Also, this industry is still seen as glamorous and a lot of people want to work in it. Unfortunately, especially right now, times have changed and work is scarce. It is more difficult for a person to become a professional editor. Part of this competition comes from the changes in technology. As I mentioned, anyone can upload their own video online, but there are so many different formats and changing standards. NTSC versus PAL, HD versus Standard Defition, frame rates, aspect ratios, conversions, specs for different projects and equipment can be confusing, and the industry is always changing in these ways.

KB: How and where do you learn about cutting-edge filmmaking technology?

JC: Networking. I learn about it through the work that my friends in the industry do. While I work strictly in the editing world, I have friends who work with graphics and on hardware like Flame who do incredible things.

I also scour the Internet for news about how the industry is changing, both technologically and artistically.

Jill was sure to accentuate how essential it is to keep a finger on the pulse of industry chatter and developments. In the highly competitive film industry, FindTheBest is an excellent resource for professional and indie filmmakers to research and keep up with film technology. Choosing the best software for your specific needs can make your life much easier when it comes to post-production.

Reader Comments

Robert Lönn, 11-Feb-2012
Nice article. On the job being scarse, I think there will be lots of more jobs for the eidtors and videographers that keep improving. The digital video era has only just begun.
Karl H., 12-Jan-2012
Correction, Avid IS the industry standard. However, if you do not cut for major productions; Independent, viral, or low-budget post-houses -- You will more than likely be using Final Cut Pro. She should of noted that they are merely tools of the trade, and one is more affordable and accessible than the other.

Email addresses are not displayed on the site Privacy Policy.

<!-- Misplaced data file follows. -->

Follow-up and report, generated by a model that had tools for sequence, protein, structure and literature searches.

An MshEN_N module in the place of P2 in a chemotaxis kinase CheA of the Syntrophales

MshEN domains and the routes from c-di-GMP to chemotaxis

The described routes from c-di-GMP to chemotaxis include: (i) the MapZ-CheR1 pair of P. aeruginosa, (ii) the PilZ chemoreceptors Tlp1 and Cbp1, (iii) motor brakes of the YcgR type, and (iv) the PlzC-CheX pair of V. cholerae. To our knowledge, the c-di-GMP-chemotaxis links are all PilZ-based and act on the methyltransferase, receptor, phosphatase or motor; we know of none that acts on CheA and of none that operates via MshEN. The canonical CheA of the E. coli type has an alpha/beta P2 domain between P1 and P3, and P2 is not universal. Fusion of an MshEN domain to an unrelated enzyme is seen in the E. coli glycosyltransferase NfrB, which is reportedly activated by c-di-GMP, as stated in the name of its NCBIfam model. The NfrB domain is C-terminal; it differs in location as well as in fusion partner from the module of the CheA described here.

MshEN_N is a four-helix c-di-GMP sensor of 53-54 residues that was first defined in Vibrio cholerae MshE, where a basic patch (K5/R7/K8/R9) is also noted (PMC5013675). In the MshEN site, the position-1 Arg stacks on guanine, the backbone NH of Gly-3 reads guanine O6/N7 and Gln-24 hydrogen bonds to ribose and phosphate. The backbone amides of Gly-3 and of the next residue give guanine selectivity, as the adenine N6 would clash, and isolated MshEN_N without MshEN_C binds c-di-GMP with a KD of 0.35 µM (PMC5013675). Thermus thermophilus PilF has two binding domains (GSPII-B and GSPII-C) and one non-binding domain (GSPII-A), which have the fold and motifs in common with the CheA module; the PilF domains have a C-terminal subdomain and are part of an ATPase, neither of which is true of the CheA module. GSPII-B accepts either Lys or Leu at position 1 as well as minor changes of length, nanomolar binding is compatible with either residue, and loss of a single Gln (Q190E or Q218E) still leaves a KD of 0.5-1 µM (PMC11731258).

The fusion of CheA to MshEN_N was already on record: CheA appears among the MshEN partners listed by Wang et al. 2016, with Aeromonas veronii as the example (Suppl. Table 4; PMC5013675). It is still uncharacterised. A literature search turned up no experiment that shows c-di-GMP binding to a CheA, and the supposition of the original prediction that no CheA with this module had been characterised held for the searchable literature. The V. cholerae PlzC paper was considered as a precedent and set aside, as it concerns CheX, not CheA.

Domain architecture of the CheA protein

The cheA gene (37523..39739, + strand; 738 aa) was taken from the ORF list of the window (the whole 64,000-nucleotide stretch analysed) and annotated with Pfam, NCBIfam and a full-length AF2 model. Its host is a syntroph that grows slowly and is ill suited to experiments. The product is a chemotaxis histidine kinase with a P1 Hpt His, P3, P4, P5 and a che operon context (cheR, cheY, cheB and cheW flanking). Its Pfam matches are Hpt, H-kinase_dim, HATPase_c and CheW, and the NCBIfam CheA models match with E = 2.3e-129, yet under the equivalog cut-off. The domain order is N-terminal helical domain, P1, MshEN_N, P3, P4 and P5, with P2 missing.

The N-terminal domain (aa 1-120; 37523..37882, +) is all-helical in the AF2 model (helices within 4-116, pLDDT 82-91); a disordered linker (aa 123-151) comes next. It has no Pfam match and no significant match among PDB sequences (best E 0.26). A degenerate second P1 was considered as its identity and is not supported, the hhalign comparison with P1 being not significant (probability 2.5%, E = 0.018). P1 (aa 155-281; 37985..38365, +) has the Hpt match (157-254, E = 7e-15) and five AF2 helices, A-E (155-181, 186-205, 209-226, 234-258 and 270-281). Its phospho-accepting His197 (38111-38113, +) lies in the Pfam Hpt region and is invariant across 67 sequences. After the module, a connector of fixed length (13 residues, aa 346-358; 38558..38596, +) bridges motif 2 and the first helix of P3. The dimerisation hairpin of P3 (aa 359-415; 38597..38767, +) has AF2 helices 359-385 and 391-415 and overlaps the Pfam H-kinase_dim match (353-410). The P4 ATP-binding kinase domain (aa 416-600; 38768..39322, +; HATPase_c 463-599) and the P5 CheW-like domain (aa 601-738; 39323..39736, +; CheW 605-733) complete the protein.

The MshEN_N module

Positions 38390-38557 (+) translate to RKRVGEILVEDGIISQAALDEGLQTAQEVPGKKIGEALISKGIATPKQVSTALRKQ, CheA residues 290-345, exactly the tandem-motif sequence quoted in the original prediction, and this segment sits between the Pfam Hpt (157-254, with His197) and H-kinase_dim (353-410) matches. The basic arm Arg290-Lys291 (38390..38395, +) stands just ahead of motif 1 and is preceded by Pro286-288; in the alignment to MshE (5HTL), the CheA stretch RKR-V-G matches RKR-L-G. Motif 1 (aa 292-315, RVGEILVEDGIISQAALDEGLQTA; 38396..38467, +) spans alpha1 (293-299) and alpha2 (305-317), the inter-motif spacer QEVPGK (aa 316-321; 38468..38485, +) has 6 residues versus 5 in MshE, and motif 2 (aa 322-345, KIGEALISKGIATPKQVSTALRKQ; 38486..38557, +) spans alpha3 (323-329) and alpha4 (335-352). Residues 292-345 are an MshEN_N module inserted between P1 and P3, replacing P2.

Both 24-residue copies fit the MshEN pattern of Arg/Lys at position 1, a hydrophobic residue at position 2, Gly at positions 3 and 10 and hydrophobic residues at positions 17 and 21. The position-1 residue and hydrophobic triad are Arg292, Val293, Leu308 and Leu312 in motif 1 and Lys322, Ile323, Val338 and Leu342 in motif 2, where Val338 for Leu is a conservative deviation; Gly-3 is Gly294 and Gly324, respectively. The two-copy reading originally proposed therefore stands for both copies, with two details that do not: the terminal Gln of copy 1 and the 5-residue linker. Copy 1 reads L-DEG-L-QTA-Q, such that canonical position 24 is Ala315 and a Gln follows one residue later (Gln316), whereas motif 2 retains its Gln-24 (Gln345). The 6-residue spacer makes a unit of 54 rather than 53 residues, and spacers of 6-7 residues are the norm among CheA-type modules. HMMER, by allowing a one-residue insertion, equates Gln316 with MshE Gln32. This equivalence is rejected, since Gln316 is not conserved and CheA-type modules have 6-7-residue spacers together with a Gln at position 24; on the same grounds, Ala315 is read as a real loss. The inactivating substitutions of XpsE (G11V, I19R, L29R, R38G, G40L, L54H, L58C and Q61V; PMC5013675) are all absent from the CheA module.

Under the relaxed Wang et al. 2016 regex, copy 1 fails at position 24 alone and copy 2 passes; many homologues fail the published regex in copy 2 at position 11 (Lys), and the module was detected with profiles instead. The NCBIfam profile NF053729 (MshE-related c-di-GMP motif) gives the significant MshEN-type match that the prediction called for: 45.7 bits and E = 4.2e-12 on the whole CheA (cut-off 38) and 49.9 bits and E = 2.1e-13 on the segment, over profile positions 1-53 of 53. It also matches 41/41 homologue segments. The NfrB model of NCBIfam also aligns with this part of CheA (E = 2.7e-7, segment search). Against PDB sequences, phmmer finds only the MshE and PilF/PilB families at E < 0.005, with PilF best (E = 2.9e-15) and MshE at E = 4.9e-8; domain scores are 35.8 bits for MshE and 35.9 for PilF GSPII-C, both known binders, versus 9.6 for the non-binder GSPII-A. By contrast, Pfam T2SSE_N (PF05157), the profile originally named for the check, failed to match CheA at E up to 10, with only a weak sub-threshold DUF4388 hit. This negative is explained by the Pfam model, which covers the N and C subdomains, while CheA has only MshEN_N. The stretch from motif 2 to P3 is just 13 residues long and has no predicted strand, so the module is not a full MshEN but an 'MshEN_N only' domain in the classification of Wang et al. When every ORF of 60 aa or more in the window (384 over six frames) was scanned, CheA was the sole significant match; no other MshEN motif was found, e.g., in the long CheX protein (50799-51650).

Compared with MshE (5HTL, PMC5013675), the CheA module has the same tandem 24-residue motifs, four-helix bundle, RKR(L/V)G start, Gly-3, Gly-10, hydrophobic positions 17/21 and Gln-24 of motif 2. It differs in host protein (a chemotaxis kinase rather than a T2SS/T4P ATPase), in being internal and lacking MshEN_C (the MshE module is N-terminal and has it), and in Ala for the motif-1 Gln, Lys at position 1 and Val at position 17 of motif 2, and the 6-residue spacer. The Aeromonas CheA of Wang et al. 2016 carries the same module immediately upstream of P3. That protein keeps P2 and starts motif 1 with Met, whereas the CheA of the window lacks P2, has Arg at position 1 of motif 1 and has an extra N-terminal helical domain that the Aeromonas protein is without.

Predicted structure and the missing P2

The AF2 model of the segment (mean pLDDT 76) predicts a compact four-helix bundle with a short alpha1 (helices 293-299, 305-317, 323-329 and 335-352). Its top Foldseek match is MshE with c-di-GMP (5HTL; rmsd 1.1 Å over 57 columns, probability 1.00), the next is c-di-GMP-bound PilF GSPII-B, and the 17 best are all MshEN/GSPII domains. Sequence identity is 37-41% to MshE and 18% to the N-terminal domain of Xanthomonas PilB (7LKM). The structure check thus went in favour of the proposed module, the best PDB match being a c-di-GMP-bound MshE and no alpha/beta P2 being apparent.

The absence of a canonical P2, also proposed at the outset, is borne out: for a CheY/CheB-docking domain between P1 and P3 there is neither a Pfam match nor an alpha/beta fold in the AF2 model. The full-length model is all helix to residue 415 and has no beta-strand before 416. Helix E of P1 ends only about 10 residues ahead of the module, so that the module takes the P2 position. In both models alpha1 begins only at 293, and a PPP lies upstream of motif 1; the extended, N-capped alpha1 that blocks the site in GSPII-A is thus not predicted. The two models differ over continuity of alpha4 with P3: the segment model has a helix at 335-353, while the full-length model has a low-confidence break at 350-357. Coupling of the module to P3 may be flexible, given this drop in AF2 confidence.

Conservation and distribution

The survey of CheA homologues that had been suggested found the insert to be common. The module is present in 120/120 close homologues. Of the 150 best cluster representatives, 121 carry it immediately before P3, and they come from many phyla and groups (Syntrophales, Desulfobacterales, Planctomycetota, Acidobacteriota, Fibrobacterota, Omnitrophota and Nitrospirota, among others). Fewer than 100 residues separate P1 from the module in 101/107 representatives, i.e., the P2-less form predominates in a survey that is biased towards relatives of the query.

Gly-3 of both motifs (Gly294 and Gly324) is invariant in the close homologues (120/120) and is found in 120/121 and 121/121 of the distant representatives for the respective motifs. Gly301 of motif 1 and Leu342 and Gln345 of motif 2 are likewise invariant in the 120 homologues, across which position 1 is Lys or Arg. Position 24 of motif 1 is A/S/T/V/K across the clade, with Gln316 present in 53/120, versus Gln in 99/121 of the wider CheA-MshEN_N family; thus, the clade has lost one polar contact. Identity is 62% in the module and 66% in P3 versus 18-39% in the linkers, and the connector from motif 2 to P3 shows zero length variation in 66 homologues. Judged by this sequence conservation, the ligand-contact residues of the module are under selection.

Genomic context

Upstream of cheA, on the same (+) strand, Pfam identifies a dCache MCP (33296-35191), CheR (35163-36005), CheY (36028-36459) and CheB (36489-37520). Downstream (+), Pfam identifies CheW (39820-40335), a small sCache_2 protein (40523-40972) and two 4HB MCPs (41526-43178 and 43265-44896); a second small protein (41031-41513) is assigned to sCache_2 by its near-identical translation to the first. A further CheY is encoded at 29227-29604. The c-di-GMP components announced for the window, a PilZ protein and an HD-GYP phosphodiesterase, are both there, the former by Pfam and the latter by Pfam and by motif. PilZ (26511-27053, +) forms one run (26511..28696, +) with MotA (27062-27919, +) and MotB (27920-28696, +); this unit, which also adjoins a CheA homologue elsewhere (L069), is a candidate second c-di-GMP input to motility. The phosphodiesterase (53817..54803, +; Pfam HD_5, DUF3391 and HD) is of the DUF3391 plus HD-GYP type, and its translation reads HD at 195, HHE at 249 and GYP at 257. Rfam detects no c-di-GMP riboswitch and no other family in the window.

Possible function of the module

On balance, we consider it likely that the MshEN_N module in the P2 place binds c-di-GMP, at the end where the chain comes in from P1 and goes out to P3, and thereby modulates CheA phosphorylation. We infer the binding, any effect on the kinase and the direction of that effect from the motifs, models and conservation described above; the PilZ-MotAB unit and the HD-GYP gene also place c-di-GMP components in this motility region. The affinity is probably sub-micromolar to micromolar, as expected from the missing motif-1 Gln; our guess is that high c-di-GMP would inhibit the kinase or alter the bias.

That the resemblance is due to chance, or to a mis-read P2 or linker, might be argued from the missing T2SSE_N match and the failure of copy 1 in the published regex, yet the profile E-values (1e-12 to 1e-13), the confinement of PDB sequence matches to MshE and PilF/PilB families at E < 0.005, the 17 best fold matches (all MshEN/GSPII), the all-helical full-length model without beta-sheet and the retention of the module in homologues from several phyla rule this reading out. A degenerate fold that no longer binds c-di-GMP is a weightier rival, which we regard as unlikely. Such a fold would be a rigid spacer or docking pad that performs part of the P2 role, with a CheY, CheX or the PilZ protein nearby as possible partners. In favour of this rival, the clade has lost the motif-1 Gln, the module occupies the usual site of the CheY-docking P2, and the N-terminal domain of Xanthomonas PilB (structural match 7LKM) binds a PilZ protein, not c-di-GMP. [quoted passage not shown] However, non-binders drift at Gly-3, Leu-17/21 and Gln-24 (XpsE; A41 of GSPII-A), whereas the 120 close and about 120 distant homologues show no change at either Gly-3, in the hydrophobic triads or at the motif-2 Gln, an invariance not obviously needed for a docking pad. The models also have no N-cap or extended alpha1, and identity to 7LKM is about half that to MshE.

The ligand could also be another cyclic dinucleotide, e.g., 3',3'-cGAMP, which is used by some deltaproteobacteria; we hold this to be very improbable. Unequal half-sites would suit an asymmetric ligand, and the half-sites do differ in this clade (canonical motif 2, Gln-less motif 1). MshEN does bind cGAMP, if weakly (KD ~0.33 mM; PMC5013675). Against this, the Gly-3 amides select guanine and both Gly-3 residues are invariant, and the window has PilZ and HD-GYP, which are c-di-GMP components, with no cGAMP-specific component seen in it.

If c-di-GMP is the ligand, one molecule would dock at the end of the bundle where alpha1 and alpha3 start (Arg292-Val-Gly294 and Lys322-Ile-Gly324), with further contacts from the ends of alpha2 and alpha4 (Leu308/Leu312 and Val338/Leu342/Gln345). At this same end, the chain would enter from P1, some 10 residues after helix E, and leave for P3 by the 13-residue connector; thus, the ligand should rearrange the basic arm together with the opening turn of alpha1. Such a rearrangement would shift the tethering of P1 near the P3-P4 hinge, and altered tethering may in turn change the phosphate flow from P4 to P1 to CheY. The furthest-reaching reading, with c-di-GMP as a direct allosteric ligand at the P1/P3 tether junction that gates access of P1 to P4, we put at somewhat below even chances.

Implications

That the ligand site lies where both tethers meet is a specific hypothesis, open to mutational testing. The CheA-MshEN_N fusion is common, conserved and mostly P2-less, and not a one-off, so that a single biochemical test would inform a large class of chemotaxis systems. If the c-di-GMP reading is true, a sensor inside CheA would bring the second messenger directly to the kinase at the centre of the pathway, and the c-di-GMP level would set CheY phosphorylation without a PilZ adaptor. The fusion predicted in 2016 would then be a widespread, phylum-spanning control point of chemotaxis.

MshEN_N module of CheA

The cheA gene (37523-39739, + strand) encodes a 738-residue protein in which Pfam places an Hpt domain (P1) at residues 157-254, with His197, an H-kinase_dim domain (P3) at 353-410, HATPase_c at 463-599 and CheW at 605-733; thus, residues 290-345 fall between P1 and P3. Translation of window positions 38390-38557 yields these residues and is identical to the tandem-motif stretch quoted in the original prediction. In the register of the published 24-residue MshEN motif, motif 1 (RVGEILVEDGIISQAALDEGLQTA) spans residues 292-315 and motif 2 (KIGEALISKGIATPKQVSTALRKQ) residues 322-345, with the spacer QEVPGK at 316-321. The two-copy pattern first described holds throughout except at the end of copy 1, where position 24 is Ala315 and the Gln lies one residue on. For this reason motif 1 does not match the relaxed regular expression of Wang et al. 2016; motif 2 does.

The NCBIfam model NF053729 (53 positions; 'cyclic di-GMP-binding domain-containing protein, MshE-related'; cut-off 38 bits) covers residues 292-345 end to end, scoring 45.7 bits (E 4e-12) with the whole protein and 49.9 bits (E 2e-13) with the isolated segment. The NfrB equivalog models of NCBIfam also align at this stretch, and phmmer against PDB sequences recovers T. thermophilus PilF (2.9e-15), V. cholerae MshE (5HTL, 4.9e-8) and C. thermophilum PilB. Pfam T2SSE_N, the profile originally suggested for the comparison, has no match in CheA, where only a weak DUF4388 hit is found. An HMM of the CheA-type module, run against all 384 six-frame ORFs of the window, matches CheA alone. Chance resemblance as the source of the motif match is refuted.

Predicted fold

anti-spam question

Please confirm that you are not a spambot by answering the following simple question:

The ocean is made up of... (water, fire, or earth?)

Type your answer here.

More Posts

Becoming a Full-Time Filmmaker: When to Quit Your Day Job.

Mark Boucher provides some thoughts and tips on how and when to make the move into a full-time career in filmmaking.

19-Dec-2014  • 

The Man Behind the Voice - Getting the Most from ADR

Sound engineer and recordist Tristan Rose discusses the importance of ADR and his experience in a range of techniques for getting the best from your actors and your equipment in audio post.

12-Dec-2014  •  Tristan Rose

Why a Director Shouldn't Edit Their Own Film

Dan Selakovich puts forward a detailed and compelling case for why directors should never edit their own films.

4-Dec-2014  •  Dan Selakovich

Why You Shouldn't Use Shaky-Cam

Shaky camera techniques were popularised in the early 2000s by the directors like Paul Greengrass. Dan Selakovich looks at why this technique fails audiences when it comes to theatrical films.

3-Dec-2014  •  Dan Selakovich

The Sound of Interstellar

The awesome chaps over at Soundworks Collection have another great sound design interview, this time with Richard King, the Supervising Sound Editor on Christopher's Nolan's scifi epic, Interstellar.

21-Nov-2014  •  Benjamin Craig